How does one allocate poetic justice? A simple question, yet some much hangs on such a simple statement. In the case of the match between the Houston Texans and the Detroit Lions, justice was fittingly served, to Texans fans and a few other unbiased individuals, the Lions were served their just desserts.
Like many other Texans fans, I had a nagging hunch that Ndamukong Suh would have a terrible, dirty play like last Thanksgiving against the Packers. The dirtiest and least liked player in the game, according to Sporting News and a Forbes-Nielsan report respectively, made my ill feeling come to fruition.
I was devastated, angered, and honestly not surprised when Suh kicked Schaub in the groin.
I did not hear a single peep from any Lions fans about that play, and while it’s not as egregious and blatant as last year’s kick, but this was more tender and far more unsportsmanlike.
I’m stopping myself before I go on a tear about Suh’s nasty play, rather, how sweet it is that they’re all mad about Forsett.
I think we can boil it all down to just one simple word: karma.
The Lions are seriously expecting sympathy from a mistake their head coach made, but are completely cool with having Suh’s nutshot overlooked as if it never happened.
OK, Forsett was down, I’ll admit it, but your coach also broke the a rule. Mind you, I had no idea the rule existed, but with a play that get AUTOMATICALLY reviewed, you’d think that Jim Schwartz would have figured not to have thrown the red flag.
I find it ironic that they’ll support a dirty player who enjoys taking cheap shots, kicking opponents in the crotch, but whine as of they’ve never harmed a fly when a rule was clearly broken. Being professionals, you’d think that Schwartz or his staff would be aware of this rule.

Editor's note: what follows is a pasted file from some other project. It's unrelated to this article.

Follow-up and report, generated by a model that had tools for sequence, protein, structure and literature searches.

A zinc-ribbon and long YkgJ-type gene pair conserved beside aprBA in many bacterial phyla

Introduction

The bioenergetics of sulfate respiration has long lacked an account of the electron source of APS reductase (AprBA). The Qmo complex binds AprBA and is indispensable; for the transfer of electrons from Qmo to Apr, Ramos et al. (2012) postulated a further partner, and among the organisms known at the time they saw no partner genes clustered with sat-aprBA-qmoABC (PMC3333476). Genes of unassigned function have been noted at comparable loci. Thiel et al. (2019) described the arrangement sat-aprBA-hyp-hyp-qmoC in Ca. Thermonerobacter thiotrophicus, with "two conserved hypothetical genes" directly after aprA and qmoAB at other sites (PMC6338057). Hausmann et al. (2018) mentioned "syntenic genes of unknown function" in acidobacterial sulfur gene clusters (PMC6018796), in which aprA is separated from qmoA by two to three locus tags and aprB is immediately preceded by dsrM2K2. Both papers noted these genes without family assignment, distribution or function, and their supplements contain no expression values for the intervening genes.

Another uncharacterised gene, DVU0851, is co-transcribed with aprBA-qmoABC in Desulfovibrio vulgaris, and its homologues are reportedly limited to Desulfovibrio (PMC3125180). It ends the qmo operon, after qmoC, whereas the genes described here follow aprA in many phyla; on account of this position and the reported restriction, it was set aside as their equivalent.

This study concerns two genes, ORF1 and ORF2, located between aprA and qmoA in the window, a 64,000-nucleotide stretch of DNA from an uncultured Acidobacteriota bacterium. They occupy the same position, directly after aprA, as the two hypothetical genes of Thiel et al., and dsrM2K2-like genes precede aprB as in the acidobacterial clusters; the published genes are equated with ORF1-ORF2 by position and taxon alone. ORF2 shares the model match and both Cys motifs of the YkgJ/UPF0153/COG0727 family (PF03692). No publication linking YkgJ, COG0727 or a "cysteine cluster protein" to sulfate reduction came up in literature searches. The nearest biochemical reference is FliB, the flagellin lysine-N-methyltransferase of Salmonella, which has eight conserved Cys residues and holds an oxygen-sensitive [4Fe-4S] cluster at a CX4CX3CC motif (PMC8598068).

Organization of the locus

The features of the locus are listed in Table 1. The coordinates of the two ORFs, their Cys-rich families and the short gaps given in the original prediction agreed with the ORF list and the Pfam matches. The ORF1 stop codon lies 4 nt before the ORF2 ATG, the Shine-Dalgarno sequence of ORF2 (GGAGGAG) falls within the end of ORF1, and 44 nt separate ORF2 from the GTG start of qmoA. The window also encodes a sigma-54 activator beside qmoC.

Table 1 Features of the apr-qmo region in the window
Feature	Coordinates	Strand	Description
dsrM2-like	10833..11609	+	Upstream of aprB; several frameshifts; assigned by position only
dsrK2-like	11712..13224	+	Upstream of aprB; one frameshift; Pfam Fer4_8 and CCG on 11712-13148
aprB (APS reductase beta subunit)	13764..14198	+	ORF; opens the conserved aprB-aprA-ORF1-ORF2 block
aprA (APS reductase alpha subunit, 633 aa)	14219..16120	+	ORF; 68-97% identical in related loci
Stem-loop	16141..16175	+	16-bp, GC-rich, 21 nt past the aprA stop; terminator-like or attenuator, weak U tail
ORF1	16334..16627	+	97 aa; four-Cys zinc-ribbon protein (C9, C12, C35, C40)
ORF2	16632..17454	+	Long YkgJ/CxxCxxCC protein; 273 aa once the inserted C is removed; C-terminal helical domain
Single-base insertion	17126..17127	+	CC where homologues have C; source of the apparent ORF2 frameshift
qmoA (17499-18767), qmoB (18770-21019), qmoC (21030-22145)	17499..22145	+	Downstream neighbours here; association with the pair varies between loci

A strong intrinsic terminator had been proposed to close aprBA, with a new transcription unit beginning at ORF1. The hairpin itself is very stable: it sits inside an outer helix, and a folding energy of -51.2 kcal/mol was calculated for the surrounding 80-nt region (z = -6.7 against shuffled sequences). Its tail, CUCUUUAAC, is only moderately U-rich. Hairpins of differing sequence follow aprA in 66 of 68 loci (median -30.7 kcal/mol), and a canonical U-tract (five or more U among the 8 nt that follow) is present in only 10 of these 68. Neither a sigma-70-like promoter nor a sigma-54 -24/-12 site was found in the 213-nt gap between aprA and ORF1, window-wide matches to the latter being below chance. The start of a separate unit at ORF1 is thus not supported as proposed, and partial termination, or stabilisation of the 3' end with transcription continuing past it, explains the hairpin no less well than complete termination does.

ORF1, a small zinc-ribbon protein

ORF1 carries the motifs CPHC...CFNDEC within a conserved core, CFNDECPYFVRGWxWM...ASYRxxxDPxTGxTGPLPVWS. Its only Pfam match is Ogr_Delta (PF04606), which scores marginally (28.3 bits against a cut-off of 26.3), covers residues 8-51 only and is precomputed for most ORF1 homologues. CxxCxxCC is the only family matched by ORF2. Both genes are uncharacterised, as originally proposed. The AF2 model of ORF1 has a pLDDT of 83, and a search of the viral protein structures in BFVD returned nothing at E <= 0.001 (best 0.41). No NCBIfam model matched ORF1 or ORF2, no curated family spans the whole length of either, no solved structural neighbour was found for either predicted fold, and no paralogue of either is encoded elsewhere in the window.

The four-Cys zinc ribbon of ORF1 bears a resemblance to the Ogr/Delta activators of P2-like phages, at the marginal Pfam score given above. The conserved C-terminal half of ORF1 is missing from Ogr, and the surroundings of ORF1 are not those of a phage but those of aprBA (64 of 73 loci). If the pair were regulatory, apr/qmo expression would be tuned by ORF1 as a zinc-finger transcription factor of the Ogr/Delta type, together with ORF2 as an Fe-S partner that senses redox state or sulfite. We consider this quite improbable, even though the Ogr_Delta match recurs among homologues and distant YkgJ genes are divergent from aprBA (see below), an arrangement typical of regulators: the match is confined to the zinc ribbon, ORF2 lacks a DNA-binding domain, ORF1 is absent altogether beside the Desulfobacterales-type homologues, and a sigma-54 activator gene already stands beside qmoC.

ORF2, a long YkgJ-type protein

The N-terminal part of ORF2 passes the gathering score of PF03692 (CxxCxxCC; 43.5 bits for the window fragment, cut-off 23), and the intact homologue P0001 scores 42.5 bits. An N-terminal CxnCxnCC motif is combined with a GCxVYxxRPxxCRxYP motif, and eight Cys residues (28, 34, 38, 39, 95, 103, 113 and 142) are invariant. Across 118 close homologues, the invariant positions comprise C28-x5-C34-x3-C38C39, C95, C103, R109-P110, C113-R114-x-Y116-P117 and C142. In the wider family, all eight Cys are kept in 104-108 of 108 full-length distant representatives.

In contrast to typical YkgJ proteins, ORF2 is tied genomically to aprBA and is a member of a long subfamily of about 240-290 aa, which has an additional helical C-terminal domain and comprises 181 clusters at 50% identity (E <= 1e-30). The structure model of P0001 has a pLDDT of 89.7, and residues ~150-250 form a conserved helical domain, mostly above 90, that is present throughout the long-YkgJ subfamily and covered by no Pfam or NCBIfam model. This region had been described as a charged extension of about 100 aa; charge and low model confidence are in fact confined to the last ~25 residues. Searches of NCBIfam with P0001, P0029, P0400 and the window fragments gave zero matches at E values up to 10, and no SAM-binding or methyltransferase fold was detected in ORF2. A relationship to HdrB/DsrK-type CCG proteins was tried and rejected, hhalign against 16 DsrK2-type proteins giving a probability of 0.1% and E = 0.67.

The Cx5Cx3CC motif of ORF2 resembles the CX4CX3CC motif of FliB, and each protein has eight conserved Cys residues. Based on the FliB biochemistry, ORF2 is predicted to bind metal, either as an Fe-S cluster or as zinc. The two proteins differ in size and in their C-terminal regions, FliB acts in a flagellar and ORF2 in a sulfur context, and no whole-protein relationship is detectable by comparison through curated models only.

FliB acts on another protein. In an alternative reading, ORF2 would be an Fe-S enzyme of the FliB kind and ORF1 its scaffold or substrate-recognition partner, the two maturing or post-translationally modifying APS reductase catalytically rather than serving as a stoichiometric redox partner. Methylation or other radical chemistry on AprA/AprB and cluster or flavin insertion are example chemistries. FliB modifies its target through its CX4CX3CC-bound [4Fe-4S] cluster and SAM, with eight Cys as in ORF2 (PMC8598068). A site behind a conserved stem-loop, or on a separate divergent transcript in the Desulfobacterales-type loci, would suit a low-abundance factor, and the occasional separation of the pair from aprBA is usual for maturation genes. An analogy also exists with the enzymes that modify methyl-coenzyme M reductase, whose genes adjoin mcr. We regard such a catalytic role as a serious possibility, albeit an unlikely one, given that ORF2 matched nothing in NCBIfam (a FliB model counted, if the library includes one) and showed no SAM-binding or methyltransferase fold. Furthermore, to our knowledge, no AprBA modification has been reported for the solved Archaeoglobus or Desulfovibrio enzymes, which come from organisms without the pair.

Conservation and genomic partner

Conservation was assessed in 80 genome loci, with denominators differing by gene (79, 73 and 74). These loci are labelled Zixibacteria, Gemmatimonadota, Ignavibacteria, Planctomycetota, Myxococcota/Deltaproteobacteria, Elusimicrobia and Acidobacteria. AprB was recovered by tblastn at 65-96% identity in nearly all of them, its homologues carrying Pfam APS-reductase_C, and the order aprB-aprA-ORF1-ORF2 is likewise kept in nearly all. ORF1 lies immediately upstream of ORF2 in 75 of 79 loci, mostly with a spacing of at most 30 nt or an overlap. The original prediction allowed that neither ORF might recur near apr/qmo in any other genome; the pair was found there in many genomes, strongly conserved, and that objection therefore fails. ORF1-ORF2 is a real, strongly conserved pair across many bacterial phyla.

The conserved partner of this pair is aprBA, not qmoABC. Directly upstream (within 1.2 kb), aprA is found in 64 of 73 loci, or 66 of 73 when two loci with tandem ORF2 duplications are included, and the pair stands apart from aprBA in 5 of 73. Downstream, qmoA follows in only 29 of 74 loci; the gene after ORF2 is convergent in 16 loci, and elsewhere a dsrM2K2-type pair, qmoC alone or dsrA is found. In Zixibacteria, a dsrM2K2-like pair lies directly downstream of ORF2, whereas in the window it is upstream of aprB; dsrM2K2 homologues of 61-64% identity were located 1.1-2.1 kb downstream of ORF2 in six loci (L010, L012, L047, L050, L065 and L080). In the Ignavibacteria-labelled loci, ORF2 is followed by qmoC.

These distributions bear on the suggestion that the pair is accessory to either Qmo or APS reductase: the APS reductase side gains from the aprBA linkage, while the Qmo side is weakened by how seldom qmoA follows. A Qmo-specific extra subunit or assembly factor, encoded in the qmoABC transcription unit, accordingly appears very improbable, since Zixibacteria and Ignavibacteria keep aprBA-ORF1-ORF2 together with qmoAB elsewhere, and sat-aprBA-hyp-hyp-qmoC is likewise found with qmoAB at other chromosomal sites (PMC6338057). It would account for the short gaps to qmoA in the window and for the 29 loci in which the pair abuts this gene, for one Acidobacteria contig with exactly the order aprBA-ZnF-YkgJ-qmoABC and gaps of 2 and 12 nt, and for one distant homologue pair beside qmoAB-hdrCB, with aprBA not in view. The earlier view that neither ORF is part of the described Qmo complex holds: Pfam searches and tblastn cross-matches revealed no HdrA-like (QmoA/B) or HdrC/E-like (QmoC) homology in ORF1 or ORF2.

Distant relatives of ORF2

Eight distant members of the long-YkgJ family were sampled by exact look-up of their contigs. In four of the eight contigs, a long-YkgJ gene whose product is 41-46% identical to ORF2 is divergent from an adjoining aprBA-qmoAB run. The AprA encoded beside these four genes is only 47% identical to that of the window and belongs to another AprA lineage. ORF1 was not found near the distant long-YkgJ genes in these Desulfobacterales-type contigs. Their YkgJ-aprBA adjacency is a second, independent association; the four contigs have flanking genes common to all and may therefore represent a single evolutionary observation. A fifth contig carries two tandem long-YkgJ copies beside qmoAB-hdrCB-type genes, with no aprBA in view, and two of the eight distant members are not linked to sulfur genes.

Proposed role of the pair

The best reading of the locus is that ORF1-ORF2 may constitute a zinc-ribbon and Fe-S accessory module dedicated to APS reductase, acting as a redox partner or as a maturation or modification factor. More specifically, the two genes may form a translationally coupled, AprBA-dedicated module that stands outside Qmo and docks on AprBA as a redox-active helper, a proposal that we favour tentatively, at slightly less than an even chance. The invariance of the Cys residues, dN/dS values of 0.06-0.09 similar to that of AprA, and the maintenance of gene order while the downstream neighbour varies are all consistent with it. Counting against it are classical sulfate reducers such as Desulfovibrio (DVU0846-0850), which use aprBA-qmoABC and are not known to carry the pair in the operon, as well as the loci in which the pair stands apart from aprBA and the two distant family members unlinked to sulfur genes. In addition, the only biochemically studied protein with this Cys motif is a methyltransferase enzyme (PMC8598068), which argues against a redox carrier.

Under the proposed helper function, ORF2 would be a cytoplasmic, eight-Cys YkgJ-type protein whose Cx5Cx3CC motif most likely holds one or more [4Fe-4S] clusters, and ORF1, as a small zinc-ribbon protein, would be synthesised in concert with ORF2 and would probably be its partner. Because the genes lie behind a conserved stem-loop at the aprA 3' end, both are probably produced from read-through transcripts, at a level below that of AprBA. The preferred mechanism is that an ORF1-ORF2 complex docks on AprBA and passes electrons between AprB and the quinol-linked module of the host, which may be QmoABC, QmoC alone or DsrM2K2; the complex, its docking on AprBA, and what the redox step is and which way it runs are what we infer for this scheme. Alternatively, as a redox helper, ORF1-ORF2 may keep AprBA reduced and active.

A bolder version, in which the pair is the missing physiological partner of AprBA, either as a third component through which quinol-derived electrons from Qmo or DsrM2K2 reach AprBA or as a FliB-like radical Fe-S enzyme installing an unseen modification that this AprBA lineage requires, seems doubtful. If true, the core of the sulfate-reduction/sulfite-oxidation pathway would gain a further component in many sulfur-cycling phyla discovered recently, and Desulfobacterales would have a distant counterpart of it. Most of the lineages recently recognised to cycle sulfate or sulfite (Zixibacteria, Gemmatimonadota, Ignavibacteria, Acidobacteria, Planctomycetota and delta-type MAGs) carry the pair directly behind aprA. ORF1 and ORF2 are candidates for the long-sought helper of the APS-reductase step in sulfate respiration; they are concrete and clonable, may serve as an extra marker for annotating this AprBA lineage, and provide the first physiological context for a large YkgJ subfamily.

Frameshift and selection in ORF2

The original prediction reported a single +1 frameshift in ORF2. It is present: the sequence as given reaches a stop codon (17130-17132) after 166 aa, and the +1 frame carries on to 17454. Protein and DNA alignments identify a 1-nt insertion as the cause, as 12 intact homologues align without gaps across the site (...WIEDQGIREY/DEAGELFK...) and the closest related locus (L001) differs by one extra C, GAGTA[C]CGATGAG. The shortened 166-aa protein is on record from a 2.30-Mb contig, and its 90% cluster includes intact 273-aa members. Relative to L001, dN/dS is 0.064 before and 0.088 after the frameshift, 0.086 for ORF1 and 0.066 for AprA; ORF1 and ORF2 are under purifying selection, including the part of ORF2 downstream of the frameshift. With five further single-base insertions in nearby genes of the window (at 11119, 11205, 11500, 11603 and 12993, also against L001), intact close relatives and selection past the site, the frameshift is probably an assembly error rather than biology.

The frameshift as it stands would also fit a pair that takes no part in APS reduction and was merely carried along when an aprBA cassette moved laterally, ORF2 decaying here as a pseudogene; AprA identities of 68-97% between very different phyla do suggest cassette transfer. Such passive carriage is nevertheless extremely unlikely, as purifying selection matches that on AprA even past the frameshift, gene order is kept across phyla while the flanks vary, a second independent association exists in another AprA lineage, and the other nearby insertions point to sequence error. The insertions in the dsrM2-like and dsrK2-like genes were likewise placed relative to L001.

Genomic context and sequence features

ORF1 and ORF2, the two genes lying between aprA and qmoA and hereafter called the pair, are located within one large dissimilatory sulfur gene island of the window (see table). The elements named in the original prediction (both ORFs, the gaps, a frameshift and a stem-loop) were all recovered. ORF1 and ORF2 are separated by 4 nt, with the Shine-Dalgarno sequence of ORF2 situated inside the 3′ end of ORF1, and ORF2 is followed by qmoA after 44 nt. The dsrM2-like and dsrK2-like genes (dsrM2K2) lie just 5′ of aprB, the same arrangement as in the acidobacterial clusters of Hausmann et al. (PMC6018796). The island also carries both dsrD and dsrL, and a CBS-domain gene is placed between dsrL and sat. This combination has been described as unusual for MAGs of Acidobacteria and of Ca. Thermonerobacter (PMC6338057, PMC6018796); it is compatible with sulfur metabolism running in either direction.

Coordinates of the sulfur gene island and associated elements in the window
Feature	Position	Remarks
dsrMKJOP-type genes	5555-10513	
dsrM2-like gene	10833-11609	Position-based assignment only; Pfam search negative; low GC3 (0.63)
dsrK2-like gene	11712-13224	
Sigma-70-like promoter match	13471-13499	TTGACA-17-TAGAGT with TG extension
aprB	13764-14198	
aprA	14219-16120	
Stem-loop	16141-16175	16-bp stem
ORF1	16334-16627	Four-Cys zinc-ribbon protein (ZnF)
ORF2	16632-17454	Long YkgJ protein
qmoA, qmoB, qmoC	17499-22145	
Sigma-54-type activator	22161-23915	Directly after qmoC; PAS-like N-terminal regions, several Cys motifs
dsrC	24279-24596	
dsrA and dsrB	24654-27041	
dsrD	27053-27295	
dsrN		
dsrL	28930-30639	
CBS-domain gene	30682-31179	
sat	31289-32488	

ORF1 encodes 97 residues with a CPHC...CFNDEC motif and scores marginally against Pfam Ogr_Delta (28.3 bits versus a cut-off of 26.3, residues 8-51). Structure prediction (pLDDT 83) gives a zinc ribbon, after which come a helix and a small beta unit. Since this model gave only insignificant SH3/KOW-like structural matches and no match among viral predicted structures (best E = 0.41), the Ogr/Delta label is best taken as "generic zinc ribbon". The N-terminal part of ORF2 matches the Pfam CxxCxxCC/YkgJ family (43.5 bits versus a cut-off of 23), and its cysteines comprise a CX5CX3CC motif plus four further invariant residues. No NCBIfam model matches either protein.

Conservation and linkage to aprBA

Regardless of the outcome, I feel that a lot of whining and complaining would come from Detroit about that play, and now that they Texans won, they’ll moan all day long about it. To be honest, they can cry till the cows come home, it was almost as if the football gods bestowed upon Schwartz and coaxed him to throw the flag, as punishment for Suh’s nasty track record.
To be clear, I’ve got no beef with Suh as a human being, he does his own thing, and I feel that what he does on the field should not reflect on him off, but that leniency does not extend to the field. I’m sure he has his own foundation to help the dis-privileged families and contributes to help those in need.
I’m sure he’s a decent person off the field.
On the field, I think he’s despicable.
In a way, I think they had it coming and had deserved it. A little bit of humble pie could do them good, and the heartbreak of a loss for them only makes it worse and will intensify their cries.
Stay mad, Detroit.